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In her works Gilman, highlights that the harm caused by these types of treatments for woman i. Paula Treichler explains "In this story diagnosis 'is powerful and public. It is a male voice that. The male voice is the one in which forces controls on the female and decides how she is allowed to perceive and speak about the world around her.

It may be a ghost story. Worse yet, it may not. Lovecraft writes in his essay Supernatural Horror in Literature that "'The Yellow Wall Paper' rises to a classic level in subtly delineating the madness which crawls over a woman dwelling in the hideously papered room where a madwoman was once confined. Helen Lefkowitz Horowitz, in her book Wild Unrest: Charlotte Perkins Gilman and the Making of "The Yellow Wall-Paper" , concludes that "the story was a cri de coeur against [Gilman's first husband, artist Charles Walter] Stetson and the traditional marriage he had demanded.

Anglican Archbishop Peter Carnley used the story as a reference and a metaphor for the situation of women in the church in his sermon at the ordination of the first women priests in Australia on 7 March in St George's Cathedral, Perth. In another interpretation, Sari Edelstein has argued that "The Yellow Wallpaper" is an allegory for Gilman's hatred of the emerging yellow journalism. Having created The Forerunner in November , Gilman made it clear she wished the press to be more insightful and not rely upon exaggerated stories and flashy headlines.

Gilman was often scandalized in the media and resented the sensationalism of the media. The relationship between the narrator and the wallpaper within the story parallels Gilman's relationship to the press. The protagonist describes the wallpaper as having "sprawling flamboyant patterns committing every artistic sin".

Treichler's article "Escaping the Sentence: Diagnosis and Discourse in 'The Yellow Wallpaper'", she places her focus on the relationship portrayed in the short story between women and writing. Rather than write about the feminist themes which view the wallpaper as something along the lines of ". Treichler illustrates that through this discussion of language and writing, in the story Charlotte Perkins Gilman is defying the ".

This is supported in the fact that John, the narrator's husband, does not like his wife to write anything, which is the reason her journal containing the story is kept a secret and thus is known only by the narrator and reader. A look at the text shows that as the relationship between the narrator and the wallpaper grows stronger, so too does her language in her journal as she begins to increasingly write of her frustration and desperation.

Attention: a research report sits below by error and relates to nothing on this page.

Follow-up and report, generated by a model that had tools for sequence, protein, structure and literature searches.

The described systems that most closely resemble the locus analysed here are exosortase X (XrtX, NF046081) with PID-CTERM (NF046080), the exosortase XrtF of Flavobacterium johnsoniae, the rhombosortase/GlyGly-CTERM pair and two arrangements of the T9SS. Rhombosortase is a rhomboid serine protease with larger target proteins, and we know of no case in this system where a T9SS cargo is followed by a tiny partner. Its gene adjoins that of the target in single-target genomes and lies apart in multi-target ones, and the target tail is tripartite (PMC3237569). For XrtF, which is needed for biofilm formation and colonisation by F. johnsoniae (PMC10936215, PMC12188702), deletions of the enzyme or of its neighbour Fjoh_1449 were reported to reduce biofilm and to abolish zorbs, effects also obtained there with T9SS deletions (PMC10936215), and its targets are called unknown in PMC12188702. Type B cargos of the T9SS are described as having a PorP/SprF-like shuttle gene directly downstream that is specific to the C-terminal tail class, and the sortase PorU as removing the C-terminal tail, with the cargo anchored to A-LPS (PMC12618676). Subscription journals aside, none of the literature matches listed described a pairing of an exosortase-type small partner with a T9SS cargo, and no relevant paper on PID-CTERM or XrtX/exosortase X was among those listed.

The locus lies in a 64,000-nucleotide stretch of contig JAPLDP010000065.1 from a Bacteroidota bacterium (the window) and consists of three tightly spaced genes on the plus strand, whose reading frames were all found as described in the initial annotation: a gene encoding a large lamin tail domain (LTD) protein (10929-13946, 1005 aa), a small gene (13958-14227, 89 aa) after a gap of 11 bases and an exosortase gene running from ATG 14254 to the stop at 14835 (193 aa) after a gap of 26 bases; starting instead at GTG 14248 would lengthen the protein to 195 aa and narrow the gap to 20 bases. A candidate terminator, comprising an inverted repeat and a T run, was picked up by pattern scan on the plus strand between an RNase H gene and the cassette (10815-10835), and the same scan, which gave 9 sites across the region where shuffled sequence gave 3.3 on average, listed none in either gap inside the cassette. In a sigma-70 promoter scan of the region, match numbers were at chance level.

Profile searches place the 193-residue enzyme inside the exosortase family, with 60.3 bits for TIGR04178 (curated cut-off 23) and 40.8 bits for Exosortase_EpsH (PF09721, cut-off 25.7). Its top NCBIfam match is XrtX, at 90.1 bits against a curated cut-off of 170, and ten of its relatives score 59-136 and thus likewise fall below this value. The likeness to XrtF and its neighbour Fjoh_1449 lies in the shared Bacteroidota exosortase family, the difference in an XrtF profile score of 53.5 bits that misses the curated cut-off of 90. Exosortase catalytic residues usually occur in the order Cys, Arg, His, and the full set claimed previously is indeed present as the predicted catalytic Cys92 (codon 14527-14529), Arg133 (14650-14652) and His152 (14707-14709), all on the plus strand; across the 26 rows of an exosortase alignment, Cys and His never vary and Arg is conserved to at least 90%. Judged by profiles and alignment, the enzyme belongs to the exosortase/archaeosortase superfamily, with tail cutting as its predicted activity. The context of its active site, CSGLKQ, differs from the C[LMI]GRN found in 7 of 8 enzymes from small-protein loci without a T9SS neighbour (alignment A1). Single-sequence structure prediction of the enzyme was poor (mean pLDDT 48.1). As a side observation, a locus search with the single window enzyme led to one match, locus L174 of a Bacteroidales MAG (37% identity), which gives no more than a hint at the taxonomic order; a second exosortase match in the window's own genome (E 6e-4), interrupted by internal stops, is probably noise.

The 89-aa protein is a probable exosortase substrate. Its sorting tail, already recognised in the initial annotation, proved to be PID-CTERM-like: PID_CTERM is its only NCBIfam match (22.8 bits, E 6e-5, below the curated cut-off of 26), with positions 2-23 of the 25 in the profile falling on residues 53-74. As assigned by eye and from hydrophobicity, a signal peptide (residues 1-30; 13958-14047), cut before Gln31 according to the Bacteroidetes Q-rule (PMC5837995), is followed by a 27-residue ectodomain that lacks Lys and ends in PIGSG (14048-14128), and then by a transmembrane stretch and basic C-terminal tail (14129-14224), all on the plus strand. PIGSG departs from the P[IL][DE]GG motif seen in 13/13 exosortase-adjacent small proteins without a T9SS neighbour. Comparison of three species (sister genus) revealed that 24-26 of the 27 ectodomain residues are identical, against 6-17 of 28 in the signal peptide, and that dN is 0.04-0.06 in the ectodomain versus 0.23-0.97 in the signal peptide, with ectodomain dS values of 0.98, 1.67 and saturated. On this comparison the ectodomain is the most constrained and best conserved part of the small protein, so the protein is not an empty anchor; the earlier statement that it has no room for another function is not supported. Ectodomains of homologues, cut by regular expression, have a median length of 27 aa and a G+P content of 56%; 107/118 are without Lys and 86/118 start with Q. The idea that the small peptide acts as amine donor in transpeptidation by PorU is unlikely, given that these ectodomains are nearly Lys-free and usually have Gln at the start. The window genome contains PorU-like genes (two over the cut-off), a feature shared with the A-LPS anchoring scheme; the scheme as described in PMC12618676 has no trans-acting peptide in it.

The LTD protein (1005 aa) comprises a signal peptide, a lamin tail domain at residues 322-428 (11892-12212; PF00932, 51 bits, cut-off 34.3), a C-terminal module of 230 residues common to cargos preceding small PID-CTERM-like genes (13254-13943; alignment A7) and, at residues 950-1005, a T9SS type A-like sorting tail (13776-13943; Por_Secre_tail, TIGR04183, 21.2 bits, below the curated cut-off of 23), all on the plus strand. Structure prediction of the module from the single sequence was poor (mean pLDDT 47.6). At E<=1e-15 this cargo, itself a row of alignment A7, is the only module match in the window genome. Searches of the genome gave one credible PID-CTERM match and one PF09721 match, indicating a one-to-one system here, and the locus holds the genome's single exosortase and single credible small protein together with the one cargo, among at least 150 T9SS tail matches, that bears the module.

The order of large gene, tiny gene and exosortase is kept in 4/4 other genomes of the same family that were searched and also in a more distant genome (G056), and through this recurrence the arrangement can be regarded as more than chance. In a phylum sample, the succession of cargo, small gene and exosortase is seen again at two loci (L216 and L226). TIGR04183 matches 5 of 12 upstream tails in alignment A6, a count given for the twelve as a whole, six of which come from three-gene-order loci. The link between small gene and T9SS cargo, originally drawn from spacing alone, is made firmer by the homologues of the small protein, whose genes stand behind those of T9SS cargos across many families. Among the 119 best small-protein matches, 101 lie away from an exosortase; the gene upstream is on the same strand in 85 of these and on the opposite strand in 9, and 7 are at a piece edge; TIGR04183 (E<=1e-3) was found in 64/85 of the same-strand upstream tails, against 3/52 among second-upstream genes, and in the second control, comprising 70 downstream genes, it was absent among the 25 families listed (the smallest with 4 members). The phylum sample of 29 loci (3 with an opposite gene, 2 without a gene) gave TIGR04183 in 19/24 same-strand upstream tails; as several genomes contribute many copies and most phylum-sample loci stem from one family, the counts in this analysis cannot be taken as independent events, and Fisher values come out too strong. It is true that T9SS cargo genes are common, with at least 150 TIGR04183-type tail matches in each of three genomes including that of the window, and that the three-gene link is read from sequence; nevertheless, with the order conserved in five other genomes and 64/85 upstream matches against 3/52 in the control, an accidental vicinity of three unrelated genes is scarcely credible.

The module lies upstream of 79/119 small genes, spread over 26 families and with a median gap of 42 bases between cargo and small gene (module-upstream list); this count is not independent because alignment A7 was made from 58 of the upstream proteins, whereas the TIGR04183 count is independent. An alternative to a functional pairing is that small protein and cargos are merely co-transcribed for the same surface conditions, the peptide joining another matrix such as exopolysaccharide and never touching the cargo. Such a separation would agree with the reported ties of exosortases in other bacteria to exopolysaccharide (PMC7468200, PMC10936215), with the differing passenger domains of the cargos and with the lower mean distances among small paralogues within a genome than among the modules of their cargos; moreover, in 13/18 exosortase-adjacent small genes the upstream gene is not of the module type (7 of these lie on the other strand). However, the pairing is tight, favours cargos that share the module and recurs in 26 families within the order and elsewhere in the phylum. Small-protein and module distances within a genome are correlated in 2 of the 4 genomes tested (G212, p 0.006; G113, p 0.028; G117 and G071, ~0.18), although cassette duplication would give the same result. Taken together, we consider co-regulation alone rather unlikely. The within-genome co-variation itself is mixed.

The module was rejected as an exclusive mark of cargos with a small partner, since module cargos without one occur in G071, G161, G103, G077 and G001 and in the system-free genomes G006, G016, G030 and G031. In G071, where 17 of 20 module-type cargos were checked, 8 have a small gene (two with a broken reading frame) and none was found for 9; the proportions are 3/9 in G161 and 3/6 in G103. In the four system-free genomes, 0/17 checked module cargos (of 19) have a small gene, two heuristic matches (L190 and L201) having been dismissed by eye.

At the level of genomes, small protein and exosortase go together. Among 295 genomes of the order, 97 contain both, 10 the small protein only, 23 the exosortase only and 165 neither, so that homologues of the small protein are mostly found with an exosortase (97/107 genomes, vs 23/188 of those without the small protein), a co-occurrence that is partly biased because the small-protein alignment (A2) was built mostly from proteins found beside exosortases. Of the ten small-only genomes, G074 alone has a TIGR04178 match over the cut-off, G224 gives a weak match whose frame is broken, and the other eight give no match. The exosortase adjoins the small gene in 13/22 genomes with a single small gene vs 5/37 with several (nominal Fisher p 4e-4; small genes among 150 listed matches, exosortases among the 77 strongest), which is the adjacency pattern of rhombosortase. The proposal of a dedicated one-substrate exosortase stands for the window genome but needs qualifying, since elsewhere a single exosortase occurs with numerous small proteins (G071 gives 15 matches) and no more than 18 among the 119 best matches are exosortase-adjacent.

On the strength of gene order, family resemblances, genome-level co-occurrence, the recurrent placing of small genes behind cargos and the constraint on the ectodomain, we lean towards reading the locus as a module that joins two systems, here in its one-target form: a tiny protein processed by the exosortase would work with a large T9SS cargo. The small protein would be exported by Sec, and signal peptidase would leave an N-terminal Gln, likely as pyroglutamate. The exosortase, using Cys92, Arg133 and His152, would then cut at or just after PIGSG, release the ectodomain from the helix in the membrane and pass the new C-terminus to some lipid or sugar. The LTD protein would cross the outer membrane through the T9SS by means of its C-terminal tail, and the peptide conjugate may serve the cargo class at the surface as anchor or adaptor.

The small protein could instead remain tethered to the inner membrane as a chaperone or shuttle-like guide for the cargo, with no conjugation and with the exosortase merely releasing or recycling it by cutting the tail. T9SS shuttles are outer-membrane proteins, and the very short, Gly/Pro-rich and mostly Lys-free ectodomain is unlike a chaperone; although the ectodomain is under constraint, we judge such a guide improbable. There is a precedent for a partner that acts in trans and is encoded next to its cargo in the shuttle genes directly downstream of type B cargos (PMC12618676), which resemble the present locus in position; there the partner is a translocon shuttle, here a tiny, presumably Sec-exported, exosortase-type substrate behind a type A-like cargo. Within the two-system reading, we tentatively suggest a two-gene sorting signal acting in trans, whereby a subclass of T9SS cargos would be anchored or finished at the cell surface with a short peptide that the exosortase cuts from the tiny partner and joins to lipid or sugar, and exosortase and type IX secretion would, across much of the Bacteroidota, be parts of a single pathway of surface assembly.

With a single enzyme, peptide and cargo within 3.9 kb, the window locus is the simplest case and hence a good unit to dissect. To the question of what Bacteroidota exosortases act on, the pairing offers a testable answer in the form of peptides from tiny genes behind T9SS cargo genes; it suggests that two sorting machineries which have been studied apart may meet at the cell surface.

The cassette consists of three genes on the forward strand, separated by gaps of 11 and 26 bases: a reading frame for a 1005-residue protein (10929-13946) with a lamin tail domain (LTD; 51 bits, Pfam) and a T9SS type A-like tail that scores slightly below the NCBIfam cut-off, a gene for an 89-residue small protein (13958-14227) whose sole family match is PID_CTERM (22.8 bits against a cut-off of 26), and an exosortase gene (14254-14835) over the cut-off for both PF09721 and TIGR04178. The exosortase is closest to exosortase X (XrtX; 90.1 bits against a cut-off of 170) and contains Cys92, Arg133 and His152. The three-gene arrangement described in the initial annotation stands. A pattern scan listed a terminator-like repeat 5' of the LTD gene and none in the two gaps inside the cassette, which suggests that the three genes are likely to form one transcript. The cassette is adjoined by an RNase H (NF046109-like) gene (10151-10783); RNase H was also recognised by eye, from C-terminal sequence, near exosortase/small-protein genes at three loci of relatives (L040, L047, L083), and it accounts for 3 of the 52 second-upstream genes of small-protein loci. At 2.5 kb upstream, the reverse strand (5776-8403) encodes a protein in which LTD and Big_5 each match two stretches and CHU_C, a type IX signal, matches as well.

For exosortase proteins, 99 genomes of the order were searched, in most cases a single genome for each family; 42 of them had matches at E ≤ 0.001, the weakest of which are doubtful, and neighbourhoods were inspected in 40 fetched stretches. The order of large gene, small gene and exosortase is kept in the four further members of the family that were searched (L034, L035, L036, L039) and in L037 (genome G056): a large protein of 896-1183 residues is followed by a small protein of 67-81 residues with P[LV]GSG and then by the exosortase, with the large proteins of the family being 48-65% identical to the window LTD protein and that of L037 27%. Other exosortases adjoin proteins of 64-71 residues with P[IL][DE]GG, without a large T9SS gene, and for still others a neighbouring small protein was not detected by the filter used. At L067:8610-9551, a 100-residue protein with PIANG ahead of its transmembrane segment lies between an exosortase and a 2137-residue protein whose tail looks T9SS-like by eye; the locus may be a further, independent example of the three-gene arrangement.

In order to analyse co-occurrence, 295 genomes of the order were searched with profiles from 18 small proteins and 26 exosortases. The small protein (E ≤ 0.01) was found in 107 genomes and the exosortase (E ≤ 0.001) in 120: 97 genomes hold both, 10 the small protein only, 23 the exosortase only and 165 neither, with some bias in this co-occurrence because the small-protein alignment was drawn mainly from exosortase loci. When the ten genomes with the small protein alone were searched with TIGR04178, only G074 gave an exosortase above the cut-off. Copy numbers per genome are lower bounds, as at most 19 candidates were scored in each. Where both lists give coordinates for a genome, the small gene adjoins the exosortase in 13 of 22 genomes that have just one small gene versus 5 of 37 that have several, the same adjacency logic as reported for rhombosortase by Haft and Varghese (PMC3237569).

From Wikipedia, the free encyclopedia. The New England Magazine. Descent and Return in The Yellow Wallpaper". ProQuest Research Library online, Oct. October 4, , p. Archived from the original on 30 Aug Retrieved 30 August Retrieved 1 September Charlotte Perkins Gilman Society. Archived from the original on A Company of Players. Retrieved 12 October Tulsa Studies in Women's Literature.

The Omnibus of 20th Century Ghost Stories. Carrol and Graf Publishers Inc. The Yellow Wallpaper ed. Johnson, Greg Fall She complains that her husband John, who is also her doctor, belittles both her illness and her thoughts and concerns in general. She contrasts his practical, rationalistic manner with her own imaginative, sensitive ways. Her treatment requires that she do almost nothing active, and she is especially forbidden from working and writing.

As the first few weeks of the summer pass, the narrator becomes good at hiding her journal, and thus hiding her true thoughts from John. She mentions that John is worried about her becoming fixated on it, and that he has even refused to repaper the room so as not to give in to her neurotic worries.

She mentions that she enjoys picturing people on the walkways around the house and that John always discourages such fantasies. She also thinks back to her childhood, when she was able to work herself into a terror by imagining things in the dark. As she describes the bedroom, which she says must have been a nursery for young children, she points out that the paper is torn off the wall in spots, there are scratches and gouges in the floor, and the furniture is heavy and fixed in place.

As the Fourth of July passes, the narrator reports that her family has just visited, leaving her more tired than ever. John threatens to send her to Weir Mitchell, the real-life physician under whose care Gilman had a nervous breakdown.

It must be very humiliating to be caught creeping by daylight! I always lock the door when I creep by daylight. I can't do it at night, for I know John would suspect something at once. And John is so queer now, that I don't want to irritate him.

I wish he would take another room! Besides, I don't want anybody to get that woman out at night but myself. I often wonder if I could see her out of all the windows at once. But, turn as fast as I can, I can only see out of one at one time. And though I always see her, she may be able to creep faster than I can turn! I have watched her sometimes away off in the open country, creeping as fast as a cloud shadow in a high wind.

If only that top pattern could be gotten off from the under one! I mean to try it, little by little. I have found out another funny thing, but I shan't tell it this time!

It does not do to trust people too much. There are only two more days to get this paper off, and I believe John is beginning to notice. I don't like the look in his eyes. And I heard him ask Jennie a lot of professional questions about me. She had a very good report to give. John knows I don't sleep very well at night, for all I'm so quiet! He asked me all sorts of questions, too, and pretended to be very loving and kind.